Forests and walled gardens

There’s something profoundly unimpressive about the built-in wind turbines at the new Strata London tower. Admittedly, they’re actually real (unlike the faux turbine stylings of the abandoned Anara Tower in Dubai), and necessarily experimental, but even so the potential contribution of 8% of the building’s power (hardly ‘mainly powered by wind‘) is relatively limited compared to their visual impact / Iwamoto Scott’s new design for the lobby at One Kearny in San Francisco is not for trypophobics (a new phobia that is trying to enter common currency, buoyed by the internet) / the evolution of piggy banks / the mansion Steve Jobs will demolish / 50 guitars.

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What it is about [Paul] Rudolph’s work that continues to make it so vulnerable to demolition?‘ / Minimalicious, blogging modest modern houses / a blog by Lea Zeltersman / Swiss Cheese and Bullets, a weblog / on restoring Lake Shore Drive / the Yugo, the ‘worst car in the world’? / another dead weblog (for now): B2A, helpfully archived / Dead cities: an expedition to California City, set out but never finished / The unmaking of Finland’s forests: ‘the road network built for forest harvesting [in Finland[ is the densest in the world… 1200 square kilometres of land is trapped under 125,000 kilometres of road.’ How a ‘forestry-industrial complex’ ravaged a nation.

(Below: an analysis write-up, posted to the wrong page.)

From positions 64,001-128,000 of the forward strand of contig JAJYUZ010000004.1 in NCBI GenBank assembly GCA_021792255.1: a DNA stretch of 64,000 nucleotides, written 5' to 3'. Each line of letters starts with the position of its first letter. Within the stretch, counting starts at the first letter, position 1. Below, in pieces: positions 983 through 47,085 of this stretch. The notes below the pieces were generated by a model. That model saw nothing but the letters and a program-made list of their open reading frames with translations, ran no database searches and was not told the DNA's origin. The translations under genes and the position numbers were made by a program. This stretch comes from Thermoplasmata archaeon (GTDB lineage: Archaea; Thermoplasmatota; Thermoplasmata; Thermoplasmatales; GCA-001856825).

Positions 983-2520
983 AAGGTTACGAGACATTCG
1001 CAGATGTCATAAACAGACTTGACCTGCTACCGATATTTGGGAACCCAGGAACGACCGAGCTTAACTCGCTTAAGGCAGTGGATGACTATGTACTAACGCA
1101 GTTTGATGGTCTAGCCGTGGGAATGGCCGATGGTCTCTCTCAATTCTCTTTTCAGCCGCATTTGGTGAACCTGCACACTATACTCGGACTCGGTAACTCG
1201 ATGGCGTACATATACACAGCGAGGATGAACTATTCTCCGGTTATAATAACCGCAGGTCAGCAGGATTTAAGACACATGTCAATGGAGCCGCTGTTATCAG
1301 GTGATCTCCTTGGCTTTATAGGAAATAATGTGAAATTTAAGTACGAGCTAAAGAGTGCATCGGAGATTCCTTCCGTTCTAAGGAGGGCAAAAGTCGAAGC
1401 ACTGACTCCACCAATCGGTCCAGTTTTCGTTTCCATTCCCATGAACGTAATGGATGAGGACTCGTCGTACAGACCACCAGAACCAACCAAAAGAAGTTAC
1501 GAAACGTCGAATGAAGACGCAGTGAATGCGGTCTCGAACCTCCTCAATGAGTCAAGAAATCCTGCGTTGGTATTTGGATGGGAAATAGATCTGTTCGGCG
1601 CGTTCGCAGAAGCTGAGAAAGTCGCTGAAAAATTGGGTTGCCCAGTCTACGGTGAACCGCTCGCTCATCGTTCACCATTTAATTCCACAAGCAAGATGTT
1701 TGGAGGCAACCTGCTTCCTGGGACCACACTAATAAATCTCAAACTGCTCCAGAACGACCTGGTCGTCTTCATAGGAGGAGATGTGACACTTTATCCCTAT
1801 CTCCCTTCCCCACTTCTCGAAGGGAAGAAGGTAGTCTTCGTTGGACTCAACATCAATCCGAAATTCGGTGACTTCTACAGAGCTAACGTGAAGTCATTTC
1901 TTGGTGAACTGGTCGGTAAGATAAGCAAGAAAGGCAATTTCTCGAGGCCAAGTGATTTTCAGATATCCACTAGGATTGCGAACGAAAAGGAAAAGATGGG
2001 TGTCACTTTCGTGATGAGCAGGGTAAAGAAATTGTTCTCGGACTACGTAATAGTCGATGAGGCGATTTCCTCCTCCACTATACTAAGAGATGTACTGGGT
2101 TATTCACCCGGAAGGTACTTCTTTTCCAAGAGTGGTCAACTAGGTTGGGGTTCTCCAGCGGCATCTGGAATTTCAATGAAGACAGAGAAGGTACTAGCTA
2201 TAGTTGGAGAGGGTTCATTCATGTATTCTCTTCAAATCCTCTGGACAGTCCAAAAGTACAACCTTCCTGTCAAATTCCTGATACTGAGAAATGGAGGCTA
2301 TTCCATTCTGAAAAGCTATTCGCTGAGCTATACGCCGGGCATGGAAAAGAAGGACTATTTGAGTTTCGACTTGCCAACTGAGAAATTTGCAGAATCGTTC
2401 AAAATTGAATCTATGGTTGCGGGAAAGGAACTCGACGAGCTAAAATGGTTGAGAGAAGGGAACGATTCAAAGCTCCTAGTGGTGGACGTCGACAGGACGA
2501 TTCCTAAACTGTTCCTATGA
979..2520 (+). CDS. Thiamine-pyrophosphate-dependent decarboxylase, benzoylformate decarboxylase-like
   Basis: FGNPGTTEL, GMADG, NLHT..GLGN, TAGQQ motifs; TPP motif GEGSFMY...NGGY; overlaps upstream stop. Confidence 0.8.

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Trapping content on the iPad won’t work, even if it’s pretty‘: the point being that by building apps for magazines, books, etc., the searchable, linkable nature of the internet will be steadily eroded. ‘Wired doesn’t want to allow simple links in ads or stories which would open up in the iPad web browser, since opening the browser means closing the Wired app’. The joys of single-tasking. Some are saying that this will simply protect the ‘user experience,’ implying that each and every media property on the device will strive for its own unique look and feel. Will there still be sites like Wired Reread (via), able to scoop up the detritus of forgotten print and squeeze out of the last drops of futuristic schadenfreude?

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A set of 70s car chases: The Seven-Ups (1973), Pas de Probleme! (1975), Le Coup (1971) / the Idea of the Cassette, or its impact on contemporary cultural production. At Murketing / the Cathedral of Junk / we love Private Circulation / all things considered, a weblog / Orgone Research, things weird, wild and wonderful. Lots of Bigfoot fun.

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2 Responses to Forests and walled gardens

  1. Pingback: My Black Brick » Archives » Madcap 70’s car chase

  2. Lea says:

    Thanks for the shout-out. Consider me chuffed!

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